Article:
• "Instrumentalists formulate their questions in terms of observable or measurable data. They worry about the validity threats (such as self-report bias) that the research risks in making inferences to unobservable phenomena, and prefer to stick with what they can directly verify (p. 72)."
    • "Realists, in contrast, do not assume that research questions and conclusions about feelings, beliefs, intentions, prior behavior, effects, and so on, need to be reduced to, or reframed as, questions and conclusions about the actual data that one collects. Instead, they treat these unobserved phenomena as rea, and their data as evidence about these, to be used critically to develop and test ideas about the existence and nature of the phenomena (Campbell, 1988; Cook & Campbell, 1979; Maxwell, 1992, 2004a) (pp. 72-73)."
    • "The main risk of instrumentalist questions is that you will lose sight of what you're really interested in, and narrow your study in ways that exclued the actual phenomena you want to investigate, ending up with a rigorous but uninteresting conclusion (p. 73)." Maxwell relates this concept to a story about a man looking for his lost keys under the spotlight because that is where the light is shining. The man excludes all dark areas and therefore never finds his keys.
    • "The main risk with realist questions, on the other hand, is that your increased reliance on inference may lead you to draw unwarranted conclusions, or to allow your assumptions or hopes to influence your results (p. 73)."
    • "Thus, in my view, the risk of trivializing your study by restricting your questions to what can be directly observed is usually more serious than the risk of drawing invalid conclusions (p. 73)."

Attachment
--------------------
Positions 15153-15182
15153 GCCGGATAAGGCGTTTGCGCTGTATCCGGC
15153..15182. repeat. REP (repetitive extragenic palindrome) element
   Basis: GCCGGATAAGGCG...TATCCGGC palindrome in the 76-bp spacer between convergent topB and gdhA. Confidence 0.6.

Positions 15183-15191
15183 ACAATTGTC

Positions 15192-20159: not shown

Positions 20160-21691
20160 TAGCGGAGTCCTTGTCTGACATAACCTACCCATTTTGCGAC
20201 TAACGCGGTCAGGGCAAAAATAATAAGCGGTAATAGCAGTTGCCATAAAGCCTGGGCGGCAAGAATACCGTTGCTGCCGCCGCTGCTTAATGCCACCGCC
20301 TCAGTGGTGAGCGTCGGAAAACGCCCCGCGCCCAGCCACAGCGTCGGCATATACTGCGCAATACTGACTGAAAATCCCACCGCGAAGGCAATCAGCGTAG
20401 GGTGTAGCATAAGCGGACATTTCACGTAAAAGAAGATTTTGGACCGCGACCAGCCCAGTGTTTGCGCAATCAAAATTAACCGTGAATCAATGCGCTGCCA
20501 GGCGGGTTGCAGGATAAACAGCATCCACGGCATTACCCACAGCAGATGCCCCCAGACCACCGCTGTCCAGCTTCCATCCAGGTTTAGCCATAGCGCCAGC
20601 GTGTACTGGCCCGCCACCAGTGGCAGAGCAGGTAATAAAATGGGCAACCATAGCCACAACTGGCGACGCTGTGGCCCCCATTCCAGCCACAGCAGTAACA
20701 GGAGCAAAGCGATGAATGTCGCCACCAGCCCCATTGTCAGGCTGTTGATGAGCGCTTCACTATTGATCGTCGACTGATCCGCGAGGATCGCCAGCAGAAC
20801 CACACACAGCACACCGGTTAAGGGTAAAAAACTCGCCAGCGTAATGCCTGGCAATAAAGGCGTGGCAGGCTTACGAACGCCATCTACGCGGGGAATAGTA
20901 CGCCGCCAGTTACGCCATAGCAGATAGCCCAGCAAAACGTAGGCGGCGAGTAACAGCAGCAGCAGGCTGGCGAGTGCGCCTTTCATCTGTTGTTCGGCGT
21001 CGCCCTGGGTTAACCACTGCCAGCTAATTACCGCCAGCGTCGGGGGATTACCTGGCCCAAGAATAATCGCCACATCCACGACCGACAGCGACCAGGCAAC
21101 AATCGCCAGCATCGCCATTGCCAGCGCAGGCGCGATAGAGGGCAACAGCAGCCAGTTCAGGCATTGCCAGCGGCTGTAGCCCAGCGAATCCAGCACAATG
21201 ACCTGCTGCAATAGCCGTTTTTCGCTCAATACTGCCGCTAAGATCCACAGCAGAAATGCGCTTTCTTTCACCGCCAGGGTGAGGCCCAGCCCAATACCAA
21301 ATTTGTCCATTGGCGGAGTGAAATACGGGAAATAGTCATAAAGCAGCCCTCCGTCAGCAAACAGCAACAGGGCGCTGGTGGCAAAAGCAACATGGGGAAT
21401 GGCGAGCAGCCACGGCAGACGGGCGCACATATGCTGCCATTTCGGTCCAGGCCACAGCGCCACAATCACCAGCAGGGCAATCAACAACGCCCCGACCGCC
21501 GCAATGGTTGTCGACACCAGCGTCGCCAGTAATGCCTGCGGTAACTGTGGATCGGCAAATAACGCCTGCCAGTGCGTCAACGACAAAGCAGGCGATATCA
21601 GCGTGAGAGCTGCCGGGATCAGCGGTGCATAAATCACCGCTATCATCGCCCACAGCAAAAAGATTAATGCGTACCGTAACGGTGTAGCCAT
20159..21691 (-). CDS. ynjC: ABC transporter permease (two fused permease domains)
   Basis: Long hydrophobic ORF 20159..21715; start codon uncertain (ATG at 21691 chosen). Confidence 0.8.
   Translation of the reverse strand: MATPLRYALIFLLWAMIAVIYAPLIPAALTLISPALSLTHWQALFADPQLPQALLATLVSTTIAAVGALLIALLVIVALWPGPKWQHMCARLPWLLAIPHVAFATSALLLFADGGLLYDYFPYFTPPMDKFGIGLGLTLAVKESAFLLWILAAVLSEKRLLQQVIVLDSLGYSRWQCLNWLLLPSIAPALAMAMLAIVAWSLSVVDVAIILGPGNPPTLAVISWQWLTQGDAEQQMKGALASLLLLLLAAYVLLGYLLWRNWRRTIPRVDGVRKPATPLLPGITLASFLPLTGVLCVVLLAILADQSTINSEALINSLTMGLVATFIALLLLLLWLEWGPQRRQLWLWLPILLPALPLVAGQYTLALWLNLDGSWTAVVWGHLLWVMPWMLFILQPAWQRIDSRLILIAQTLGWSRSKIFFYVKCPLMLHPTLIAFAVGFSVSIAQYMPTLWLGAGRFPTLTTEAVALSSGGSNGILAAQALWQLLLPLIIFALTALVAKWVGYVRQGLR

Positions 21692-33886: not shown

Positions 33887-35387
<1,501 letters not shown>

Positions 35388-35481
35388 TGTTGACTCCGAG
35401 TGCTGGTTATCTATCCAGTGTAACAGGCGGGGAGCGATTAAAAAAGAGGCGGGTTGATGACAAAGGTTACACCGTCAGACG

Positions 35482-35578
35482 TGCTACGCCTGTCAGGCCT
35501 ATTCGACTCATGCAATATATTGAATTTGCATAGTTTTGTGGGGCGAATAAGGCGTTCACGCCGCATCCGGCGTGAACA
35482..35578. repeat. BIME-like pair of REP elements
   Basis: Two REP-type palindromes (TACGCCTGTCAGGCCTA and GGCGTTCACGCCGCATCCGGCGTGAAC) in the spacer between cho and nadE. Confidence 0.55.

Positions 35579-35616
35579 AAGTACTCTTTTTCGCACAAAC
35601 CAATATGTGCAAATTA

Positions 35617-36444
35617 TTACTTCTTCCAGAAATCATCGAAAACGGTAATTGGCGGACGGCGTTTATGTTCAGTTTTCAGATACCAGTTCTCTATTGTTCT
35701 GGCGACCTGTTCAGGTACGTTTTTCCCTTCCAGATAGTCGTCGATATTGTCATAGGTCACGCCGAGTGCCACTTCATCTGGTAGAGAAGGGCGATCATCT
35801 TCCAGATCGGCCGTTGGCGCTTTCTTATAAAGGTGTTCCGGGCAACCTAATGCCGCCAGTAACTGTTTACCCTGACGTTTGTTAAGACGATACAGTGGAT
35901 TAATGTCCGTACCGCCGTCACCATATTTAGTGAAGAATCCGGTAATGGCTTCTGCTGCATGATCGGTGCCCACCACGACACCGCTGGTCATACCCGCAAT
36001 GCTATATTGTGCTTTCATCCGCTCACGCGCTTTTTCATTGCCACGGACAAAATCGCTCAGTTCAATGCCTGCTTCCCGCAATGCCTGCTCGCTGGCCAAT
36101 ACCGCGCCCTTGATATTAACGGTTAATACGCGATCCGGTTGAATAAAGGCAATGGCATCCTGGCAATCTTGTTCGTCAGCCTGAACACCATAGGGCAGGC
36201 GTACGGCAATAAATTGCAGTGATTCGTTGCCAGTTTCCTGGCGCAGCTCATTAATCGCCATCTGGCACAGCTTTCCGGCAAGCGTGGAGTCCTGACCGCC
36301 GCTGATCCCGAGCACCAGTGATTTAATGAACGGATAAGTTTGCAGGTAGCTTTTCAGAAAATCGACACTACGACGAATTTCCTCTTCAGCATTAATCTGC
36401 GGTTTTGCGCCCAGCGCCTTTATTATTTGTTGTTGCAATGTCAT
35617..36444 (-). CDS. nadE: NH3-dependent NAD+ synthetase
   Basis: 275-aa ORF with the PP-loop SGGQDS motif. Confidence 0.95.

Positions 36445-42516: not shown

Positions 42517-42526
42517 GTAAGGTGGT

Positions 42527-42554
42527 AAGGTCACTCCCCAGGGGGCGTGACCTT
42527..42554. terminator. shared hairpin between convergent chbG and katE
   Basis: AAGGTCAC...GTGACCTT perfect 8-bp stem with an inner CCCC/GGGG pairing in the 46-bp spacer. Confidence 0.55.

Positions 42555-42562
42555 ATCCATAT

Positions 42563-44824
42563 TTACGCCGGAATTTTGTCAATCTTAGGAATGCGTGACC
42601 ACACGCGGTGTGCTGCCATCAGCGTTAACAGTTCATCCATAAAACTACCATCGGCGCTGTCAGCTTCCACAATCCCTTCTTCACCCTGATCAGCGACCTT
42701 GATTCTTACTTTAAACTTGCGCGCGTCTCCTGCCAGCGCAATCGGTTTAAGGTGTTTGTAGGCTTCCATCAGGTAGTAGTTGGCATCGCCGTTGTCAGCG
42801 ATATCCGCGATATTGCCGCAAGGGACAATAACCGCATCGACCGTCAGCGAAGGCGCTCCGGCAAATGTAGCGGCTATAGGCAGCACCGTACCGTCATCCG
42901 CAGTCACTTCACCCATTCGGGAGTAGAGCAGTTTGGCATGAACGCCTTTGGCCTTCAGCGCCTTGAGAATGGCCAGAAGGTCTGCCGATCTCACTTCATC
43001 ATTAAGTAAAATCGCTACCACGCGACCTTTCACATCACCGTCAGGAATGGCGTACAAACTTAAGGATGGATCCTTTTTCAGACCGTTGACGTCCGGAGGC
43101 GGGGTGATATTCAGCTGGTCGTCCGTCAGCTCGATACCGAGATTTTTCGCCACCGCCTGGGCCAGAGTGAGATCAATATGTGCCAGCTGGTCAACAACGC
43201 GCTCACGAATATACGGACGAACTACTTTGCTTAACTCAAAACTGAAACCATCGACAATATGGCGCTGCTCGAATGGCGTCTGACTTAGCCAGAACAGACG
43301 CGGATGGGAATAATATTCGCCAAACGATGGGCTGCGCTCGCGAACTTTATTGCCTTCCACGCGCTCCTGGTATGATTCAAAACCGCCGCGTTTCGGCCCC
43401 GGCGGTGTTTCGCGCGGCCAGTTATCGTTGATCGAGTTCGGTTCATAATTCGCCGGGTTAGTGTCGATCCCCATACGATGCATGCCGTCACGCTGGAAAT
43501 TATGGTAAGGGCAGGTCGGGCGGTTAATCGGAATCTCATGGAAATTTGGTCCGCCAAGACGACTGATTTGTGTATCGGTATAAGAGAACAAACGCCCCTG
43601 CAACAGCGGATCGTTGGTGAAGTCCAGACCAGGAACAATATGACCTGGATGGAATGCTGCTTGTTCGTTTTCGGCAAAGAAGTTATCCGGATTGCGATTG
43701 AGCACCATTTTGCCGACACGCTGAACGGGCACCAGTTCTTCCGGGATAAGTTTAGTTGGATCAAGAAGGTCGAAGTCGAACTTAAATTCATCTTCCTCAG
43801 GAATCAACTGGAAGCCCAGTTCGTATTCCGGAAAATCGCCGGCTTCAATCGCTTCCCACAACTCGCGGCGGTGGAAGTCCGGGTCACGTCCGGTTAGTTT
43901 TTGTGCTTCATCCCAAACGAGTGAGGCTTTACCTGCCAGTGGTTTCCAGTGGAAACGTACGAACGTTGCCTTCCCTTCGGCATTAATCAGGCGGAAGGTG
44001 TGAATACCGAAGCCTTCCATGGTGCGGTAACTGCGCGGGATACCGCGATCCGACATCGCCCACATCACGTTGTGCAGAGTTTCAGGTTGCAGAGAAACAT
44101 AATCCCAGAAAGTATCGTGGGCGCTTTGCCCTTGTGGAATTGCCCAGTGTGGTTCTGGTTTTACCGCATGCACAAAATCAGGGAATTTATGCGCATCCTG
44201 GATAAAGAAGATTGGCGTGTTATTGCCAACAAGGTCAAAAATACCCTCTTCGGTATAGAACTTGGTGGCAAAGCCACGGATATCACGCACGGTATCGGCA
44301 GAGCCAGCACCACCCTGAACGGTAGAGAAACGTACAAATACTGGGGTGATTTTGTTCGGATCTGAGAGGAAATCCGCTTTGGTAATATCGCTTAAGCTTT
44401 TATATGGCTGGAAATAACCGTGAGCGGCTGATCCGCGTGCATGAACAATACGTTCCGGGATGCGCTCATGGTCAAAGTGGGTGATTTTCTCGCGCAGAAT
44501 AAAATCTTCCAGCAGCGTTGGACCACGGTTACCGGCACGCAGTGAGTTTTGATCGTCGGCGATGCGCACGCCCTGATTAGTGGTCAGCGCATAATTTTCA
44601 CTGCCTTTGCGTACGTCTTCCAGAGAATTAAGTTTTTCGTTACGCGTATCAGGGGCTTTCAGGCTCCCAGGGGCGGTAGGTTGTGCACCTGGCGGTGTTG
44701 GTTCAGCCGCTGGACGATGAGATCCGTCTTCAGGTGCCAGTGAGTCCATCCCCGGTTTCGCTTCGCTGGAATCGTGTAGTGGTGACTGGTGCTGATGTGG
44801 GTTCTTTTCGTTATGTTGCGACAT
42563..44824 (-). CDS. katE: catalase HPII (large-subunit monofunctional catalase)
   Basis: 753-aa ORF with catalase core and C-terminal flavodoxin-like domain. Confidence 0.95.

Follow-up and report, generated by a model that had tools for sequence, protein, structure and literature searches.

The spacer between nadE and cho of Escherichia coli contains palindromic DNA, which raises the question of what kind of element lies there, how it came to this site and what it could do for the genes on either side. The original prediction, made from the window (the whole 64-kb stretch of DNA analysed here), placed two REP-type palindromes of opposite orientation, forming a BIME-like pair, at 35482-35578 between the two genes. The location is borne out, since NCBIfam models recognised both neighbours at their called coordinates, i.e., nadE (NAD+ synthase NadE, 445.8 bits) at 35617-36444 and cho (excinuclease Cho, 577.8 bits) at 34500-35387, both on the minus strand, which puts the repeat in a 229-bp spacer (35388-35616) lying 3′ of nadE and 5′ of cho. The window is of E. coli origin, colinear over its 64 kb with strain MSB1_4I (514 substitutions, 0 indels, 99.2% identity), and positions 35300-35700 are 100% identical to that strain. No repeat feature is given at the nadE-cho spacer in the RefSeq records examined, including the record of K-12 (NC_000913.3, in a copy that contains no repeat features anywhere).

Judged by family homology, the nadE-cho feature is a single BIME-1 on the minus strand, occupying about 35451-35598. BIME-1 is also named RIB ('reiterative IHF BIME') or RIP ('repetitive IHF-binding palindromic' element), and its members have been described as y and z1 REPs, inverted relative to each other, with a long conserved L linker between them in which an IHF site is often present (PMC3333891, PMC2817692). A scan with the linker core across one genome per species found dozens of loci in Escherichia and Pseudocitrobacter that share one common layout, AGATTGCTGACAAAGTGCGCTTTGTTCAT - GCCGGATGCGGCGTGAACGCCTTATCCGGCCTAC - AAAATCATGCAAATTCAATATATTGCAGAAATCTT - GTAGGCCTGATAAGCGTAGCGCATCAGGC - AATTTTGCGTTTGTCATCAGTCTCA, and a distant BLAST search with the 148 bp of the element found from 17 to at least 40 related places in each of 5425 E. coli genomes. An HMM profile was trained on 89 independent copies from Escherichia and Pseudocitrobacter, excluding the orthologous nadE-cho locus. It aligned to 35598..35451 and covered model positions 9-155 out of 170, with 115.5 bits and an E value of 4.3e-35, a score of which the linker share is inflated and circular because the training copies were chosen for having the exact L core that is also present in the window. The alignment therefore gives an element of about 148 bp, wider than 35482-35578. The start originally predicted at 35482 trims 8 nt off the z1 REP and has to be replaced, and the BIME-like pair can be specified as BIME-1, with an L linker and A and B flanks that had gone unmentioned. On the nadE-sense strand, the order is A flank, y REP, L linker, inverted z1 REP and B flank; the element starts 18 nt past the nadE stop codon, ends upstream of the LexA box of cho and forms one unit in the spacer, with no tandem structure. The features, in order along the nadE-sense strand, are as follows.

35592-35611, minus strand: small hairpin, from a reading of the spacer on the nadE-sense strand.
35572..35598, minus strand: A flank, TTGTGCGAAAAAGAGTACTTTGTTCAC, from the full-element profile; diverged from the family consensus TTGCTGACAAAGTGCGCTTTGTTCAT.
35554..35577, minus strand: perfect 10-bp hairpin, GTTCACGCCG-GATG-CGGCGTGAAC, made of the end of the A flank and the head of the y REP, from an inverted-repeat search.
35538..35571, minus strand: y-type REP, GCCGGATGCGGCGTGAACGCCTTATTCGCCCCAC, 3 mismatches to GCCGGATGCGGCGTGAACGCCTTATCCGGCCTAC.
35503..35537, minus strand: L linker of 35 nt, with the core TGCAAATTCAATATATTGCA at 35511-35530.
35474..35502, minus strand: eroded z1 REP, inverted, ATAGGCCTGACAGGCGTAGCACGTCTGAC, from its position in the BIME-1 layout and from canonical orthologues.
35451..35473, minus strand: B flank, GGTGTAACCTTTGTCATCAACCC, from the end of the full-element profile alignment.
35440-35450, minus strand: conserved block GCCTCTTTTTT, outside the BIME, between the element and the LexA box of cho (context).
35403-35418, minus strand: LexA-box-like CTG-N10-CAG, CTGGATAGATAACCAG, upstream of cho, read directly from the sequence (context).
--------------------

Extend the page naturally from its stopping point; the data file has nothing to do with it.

• "...from a realist perspective, perceptions and beliefs are real phenomena, and neither is something that can be inferred with certainty from interview data (p. 74)."
  • Variance Questions and Process Questions

    • "Variance questions focus on difference and correlation; they often begin with 'Does,' 'How much,' 'To what extent,' and 'Is there a relationship (p. 74).'"
    • "Process questions, in contrast, focus on how things happen, rather than whether there is a particular relationship or how much it is explained by other variables (p. 75)."
    • "...the real strength of a qualitative approach, which is in understanding the processes by which things take place (p. 75)."
    • "Qualitative researchers thus tend to focus on three kinds of questions that are much better suited to process theory than to variance theory; (a) questions about the meaning of events and activities to the people involved in these, (b) questions about the influence of the physical and social context on these events and activities, and (c) questions about the process by which these events and activities and their outcomes occurred (p. 75)."
  • Developing Research Questions


  • Campbell, D. T. (1988). Methodology and epistemology for social science: Selected papers. Chicago: University of Chicago Press.
  • Cook, T. D., & Campbell, D.T. (1979). Quasi-experimentation: Design and analysis issues for field settings. Boston: Houghton Mifflin.
  • Maxwell, J. A. (1992). Understanding and validity in qualitative research. Harvard Educational Review, 62, 279-300.
  • Maxwell, J. A. (2004). Causal explanation, qualitative research, and scientific inquiry in education. Educational Researcher, 33(2), 3-11.